IRAs: Traditional and Roth

The difference between a Roth IRA and a Traditional IRA can affect you now and in the future

If an Individual Retirement Account (IRA) is right for you, which one should you choose — a Roth IRA or a Traditional IRA? You would think the answer is simple. But this is about taxes and income.

In both a Roth IRA and Traditional IRA, the money you contribute has the potential to grow income tax-free. But there are several big differences between a Roth IRA and a Traditional IRA that may affect which one you decide to use.

Infographic of Traditional IRA vs Roth IRA comparison. Taking a tax break now vs Taking a tax break later.

*Qualified Roth Distribution are tax-free for federal income tax purposes if: the amounts are held in the Roth IRA for five years and the Roth IRA owner is at least 59½, has died or takes a distribution for the purchase of a first home.

Traditional IRA

  • You pay taxes when you take the money out. Depending on your income and other factors.
  • You must begin withdrawing money at ages indicated:
    • Age 73: for an individual who attains age 72 after December 31, 2022, and age 73 before January 1, 2033
    • Age 75: for an individual who attains age 74 after December 31, 2032 
    • If you turned 72 in 2022 or earlier, you must continue taking RMDs as scheduled.
    • If you're turning 72 in 2023 and have already scheduled your withdrawal, consider updating your withdrawal plan.
  • There are no income restrictions to participate.

Roth IRA

  • You put in money you have paid taxes on for that year. So the money you take out later has the potential be income tax-free.
  • You can make contributions at any age as long as you have earned income.
  • You never have to withdraw any money from your Roth. So you can even leave it to your heirs who can make tax-free withdrawals (but they may have to pay estate taxes).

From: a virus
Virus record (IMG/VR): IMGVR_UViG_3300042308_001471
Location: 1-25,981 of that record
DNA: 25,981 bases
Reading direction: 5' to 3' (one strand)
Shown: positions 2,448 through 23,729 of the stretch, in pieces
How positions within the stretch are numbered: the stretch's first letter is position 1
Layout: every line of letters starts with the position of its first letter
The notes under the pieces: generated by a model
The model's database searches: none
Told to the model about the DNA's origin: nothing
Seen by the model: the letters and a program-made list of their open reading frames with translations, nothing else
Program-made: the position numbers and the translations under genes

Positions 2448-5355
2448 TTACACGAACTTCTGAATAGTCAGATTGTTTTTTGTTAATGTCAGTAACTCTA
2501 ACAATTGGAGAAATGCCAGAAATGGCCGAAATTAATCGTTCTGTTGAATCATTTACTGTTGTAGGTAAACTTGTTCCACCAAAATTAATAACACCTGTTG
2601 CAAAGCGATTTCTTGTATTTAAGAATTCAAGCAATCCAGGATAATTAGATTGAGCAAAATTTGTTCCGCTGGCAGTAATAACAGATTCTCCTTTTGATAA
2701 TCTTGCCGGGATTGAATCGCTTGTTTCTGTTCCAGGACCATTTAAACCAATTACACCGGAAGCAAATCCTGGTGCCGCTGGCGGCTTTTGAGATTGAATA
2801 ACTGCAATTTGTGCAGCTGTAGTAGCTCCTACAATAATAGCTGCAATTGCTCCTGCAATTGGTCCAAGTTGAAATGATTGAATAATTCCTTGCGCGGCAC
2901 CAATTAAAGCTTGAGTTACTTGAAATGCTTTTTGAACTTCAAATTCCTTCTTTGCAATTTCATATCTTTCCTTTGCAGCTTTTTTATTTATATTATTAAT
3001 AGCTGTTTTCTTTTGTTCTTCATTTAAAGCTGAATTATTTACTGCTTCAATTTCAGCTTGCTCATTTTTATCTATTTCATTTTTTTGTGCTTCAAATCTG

Both plans have some things in common:

Infographic to encourage participants to think about their savings in long-term. What happens if you take money from your IRA.
  • You will have to pay a 10% early withdrawal penalty if you make withdrawals before age 59½ unless an IRS exception applies. You must hold your Roth IRA account for five years and the distribution must made after you reach age 59½, die or if the distribution is for the purchase of a first home or the earnings will be taxed in addition to the IRS penalty. A Traditional IRA requires you to pay income tax on withdrawn earnings and contributions.
  • You have until Tax Day of the next year to fund your account for the previous year.
  • In 2023, if you have earned income from W-2s or business income, you can put up to $6,500 ($7,500 if you’re age 50 or older) a year in all of your IRAs. If you participate in your employer’s retirement plan or you make contributions on behalf of your non-working spouse, a Traditional IRA may have income requirements that determine whether or not you can deduct contributions from your taxable income. See the specific requirements at

Which IRA you choose boils down to whether you want to pay taxes on the contribution you make today (Roth IRA) or wait until you retire and pay taxes on your withdrawal (Traditional IRA).

  • If you think you will be in a lower tax bracket when you retire, consider a Traditional IRA (if you are in a high income bracket now, you may have no choice but to select a Traditional IRA).
  • If you want to pay the income taxes on your contribution today, and let it have the potential to for tax-free qualified withdrawals later, pick a Roth.
  • For maximum tax-planning flexibility, you may want to think about investing in both.

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This information is provided by Voya for your education only. Neither Voya nor its representatives offer tax or legal advice. Please consult your tax or legal advisor before making a tax-related investment/insurance decision.

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